A strong spring selling season helped Winnebago Industries to post a 64% increase in third-quarter earnings. However, the company is preparing for a drop in demand because of inflation and higher interest rates.

The RV industry is coming off peak demand for outdoor ventures driven by COVID-19 and facing an uncertain economic future driven by higher interest rates, fuel prices and the threats of a recession.

The Eden Prairie-based company so far this year was able to raise prices to offset inflation and higher raw material and component costs while gaining market share and increasing its gross profit margin.

In the short term moving forward, though, Winnebago is projecting retail demand will take a meaningful drop.

"We believe that retail sales for calendar 2022 will likely fall in the 475,000 unit range or negative 17% versus calendar 2021," said Chief Executive Mike Happe in a call with analysts.

However, Happe told analysts on the company's earnings call that regardless of where the economy goes, the company continues to believe in the long-term growth trends of the recreational industry as consumers continue to embrace outdoor trends.

"We are seeing no decrease in outdoor participation," Happe told analysts.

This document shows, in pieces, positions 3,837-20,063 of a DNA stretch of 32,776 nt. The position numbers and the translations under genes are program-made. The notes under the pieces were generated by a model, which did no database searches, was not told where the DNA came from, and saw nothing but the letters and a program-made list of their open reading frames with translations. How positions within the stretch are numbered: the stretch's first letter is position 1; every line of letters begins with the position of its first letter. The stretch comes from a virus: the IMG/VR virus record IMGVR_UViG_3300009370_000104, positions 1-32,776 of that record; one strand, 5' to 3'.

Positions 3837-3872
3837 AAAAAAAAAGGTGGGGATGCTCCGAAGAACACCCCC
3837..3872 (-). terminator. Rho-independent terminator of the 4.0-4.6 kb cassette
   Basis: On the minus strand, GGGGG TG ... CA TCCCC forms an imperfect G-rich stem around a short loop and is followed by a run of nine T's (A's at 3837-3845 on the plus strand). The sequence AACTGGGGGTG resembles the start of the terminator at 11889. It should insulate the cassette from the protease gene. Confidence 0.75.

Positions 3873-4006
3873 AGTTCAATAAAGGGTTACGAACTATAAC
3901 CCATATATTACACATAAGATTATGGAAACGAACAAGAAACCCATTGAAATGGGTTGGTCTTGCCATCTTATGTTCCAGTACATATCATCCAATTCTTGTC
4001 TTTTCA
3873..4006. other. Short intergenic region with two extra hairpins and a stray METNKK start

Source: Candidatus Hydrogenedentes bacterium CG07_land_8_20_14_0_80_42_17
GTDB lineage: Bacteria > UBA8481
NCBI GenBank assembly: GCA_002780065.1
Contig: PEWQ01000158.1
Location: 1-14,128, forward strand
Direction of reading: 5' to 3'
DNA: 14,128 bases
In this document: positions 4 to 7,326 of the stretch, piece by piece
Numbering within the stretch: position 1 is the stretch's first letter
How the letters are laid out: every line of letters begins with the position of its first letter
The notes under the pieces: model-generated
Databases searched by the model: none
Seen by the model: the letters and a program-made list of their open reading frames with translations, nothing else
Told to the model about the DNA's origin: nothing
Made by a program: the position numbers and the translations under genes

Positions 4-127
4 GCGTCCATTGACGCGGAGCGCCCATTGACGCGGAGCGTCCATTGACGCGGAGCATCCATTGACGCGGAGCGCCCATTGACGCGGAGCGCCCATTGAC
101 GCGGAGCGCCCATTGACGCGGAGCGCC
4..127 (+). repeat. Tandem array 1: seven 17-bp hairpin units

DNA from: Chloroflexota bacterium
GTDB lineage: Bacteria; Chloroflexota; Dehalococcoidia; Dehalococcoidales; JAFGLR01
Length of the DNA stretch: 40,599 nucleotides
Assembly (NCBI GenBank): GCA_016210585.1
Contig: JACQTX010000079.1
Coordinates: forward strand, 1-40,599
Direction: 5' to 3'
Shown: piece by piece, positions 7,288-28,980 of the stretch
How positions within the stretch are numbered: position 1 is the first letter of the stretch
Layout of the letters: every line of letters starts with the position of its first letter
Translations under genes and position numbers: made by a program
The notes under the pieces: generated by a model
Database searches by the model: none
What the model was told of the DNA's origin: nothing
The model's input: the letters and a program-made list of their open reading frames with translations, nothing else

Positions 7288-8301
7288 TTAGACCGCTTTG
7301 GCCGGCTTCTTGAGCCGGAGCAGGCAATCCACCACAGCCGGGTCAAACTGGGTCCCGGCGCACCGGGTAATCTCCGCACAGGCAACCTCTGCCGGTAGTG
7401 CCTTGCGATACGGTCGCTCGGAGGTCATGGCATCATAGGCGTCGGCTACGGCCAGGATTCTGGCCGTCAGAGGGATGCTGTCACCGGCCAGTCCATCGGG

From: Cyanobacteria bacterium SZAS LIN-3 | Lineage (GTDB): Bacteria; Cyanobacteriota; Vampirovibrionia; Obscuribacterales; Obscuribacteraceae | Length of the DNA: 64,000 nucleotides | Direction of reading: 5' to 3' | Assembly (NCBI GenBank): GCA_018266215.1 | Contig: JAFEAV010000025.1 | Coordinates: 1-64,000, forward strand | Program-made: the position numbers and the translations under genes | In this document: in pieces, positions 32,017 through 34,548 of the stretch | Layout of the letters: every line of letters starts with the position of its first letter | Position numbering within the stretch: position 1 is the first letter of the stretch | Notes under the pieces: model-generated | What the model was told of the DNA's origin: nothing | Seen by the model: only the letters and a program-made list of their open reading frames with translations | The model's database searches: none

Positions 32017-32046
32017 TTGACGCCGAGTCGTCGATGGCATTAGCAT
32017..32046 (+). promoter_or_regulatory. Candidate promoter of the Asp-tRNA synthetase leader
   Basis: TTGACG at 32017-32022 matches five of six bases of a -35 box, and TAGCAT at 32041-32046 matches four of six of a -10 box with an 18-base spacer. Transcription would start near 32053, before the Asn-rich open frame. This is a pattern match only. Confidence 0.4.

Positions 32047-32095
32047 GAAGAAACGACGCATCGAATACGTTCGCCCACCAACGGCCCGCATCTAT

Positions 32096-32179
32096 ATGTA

For the third quarter ended May 28, the maker of motorhomes, towable recreational vehicles and boats earned $117.2 million, or $3.57 per share. Adjusted for costs associated with the recent acquisition of the Barletta pontoon boat business, EPS was $4.13 a share, up 84% from the $2.25 earned in the company's third quarter last year.

The company's gross profit margin increased to 18.7%, or 100 basis points, compared with the same quarter last year, benefiting from price increases and operating leverage.

Company revenue increased 52% to a record $1.5 billion in the quarter. After excluding the bump from Barletta, it rose 41% over the same period a year ago. Revenue and adjusted earnings exceeded analyst expectation by 20% and 40%, respectively.

"We have been successful in managing supply chain disruptions, improving dealer inventory levels, navigating cost inflation and driving manufacturing productivity to deliver consistently strong results," Happe said in the earnings release. "We expect supply chain inconsistencies and inflation pressures to continue in the fourth quarter, and into our fiscal 2023, and we are focused on continuing to stay ahead of them."

In Winnebago's towable RV segment, revenue increased 45% to $805.6 million. Backlogs in the segment decreased and dealer inventories have improved. Revenue for the motorhome segment increased 34% to $516.3 million.

The marine segment for Winnebago produced $126.5 million in revenue during the quarter, with meaningful contribution from the Barletta pontoon boat acquisition, which increased its market share during the quarter.

"We are incredibly pleased with the performance and integration of the Barletta business since the close nine months ago," Happe told analysts. "It has exceeded expectations."

Shares of Winnebago are down 35% year-to-date and have ranged from $43.05 to $80.30 over the past 52 weeks. On Wednesday, they closed at $48.38 a share, up 5.7% for the day.